No Spoilers: June’s sister was involved in an accident in a lab. No one’s exactly sure what kind of accident, but it ended with the scientist in charge of the experiments dead, one of the assistants dead, and the other assistant, June’s sister Wanda, with extensive brain damage. Not damage they can see or measure, really, but something that’s left Wanda without the ability to properly process the world. She’s getting better, but it’s a slow thing, and in the mean time June is left with questions and with the frustration of having a sister who can’t understand her, who can barely recognize her. The truth behind the research that might have led to the accident, and the fallout from that, is what drives the story, as well as just the bone tired grind that June goes through, trying to do what she can while grieving, never allowed to stop.
Keywords: Science!, Perception, Octopuses, Family, Experiments, CW- Nursing Homes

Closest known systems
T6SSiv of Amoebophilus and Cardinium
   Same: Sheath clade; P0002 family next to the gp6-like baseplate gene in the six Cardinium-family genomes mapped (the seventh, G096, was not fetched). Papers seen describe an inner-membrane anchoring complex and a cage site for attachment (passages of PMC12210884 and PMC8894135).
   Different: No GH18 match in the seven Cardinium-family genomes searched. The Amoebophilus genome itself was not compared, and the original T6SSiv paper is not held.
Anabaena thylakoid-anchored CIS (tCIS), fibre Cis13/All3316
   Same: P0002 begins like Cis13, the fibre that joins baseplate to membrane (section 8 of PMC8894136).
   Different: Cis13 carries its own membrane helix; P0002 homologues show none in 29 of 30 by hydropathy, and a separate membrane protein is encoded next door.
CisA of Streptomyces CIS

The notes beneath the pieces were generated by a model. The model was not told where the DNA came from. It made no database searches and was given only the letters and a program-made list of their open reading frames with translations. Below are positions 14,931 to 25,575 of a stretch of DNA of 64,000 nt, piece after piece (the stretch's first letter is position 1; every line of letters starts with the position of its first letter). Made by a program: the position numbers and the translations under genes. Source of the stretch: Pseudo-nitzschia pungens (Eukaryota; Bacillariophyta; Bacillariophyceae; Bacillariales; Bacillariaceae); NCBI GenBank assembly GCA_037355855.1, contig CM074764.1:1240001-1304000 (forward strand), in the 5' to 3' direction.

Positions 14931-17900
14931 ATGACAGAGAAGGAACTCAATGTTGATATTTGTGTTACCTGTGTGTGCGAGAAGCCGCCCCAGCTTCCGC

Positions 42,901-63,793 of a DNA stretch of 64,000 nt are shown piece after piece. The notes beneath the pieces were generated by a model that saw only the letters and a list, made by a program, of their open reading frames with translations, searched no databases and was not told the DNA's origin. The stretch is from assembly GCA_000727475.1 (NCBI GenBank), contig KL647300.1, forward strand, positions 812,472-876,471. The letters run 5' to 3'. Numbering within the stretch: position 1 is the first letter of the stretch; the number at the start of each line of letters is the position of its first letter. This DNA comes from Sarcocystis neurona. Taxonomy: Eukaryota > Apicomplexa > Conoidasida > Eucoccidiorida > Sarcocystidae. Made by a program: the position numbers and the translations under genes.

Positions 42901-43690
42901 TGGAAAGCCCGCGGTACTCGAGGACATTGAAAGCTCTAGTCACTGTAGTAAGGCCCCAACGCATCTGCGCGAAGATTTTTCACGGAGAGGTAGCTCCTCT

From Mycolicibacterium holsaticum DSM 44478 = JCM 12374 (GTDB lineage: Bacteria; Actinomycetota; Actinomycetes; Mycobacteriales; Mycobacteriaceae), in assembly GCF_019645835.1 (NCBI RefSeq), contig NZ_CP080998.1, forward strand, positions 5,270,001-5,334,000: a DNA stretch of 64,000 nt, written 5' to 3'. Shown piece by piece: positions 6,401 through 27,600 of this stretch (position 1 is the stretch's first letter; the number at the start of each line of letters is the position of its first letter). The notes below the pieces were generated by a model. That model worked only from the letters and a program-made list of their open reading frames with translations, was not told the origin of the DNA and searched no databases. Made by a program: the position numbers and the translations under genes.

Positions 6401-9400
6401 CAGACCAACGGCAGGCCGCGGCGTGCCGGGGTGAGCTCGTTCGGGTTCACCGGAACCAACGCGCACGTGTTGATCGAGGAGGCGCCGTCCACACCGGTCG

Review: Well it’s another one I can add to my octopuses in short SFF list (Claude makes a fine addition). And mostly I like the way the story shows the sort of walking toll that June lives with, working as a case worker, juggling work and this family tragedy that has engulfed her. That has put her sister in a place where she can’t really understand what’s going on with herself. Where, just maybe, she’ gotten a glimpse of something that she shouldn’t have. And the story is all about perception. About the ways that we interact with the universe. About what reality is, and how we might perceive it or, well, not. How we might obfuscate reality because that perception is actually an evolutionary disadvantage. If that’s the case, and if Wanda has gained access to being able to experience reality on that level, it speaks to how damaging that is. How it takes away the ways we have learned to cope with limited perceptions. Coping mechanisms that are vital because they render reality in ways that are easier to navigate. That might be lies but are lies that work, that provide avenues to exist without being overwhelmed. Perception for humans in this way, our sensory apparatuses, are filters to keep out the most damaging and overwhelming information. What’s left might be a shadow on a cave wall, but that’s the level we’re capable of understanding. At least if you’re certain researchers. And I like that June mostly rejects that. Not because she has science to back it up but because she knows that a cynical view that misses out on the ways people really can surprise you. It means her sister is a lost cause. When really what that does is just shut a door. I like that June doesn’t really have an answer to it, can’t say how she thinks people can handle the full weight of reality. But obviously people carry weights all the time. Some people much more than others. The idea that it must be too much because some cannot carry it is an unconvincing argument. And while June might not know the hows, the math of it, that doesn’t mean she can’t hope. A fine read!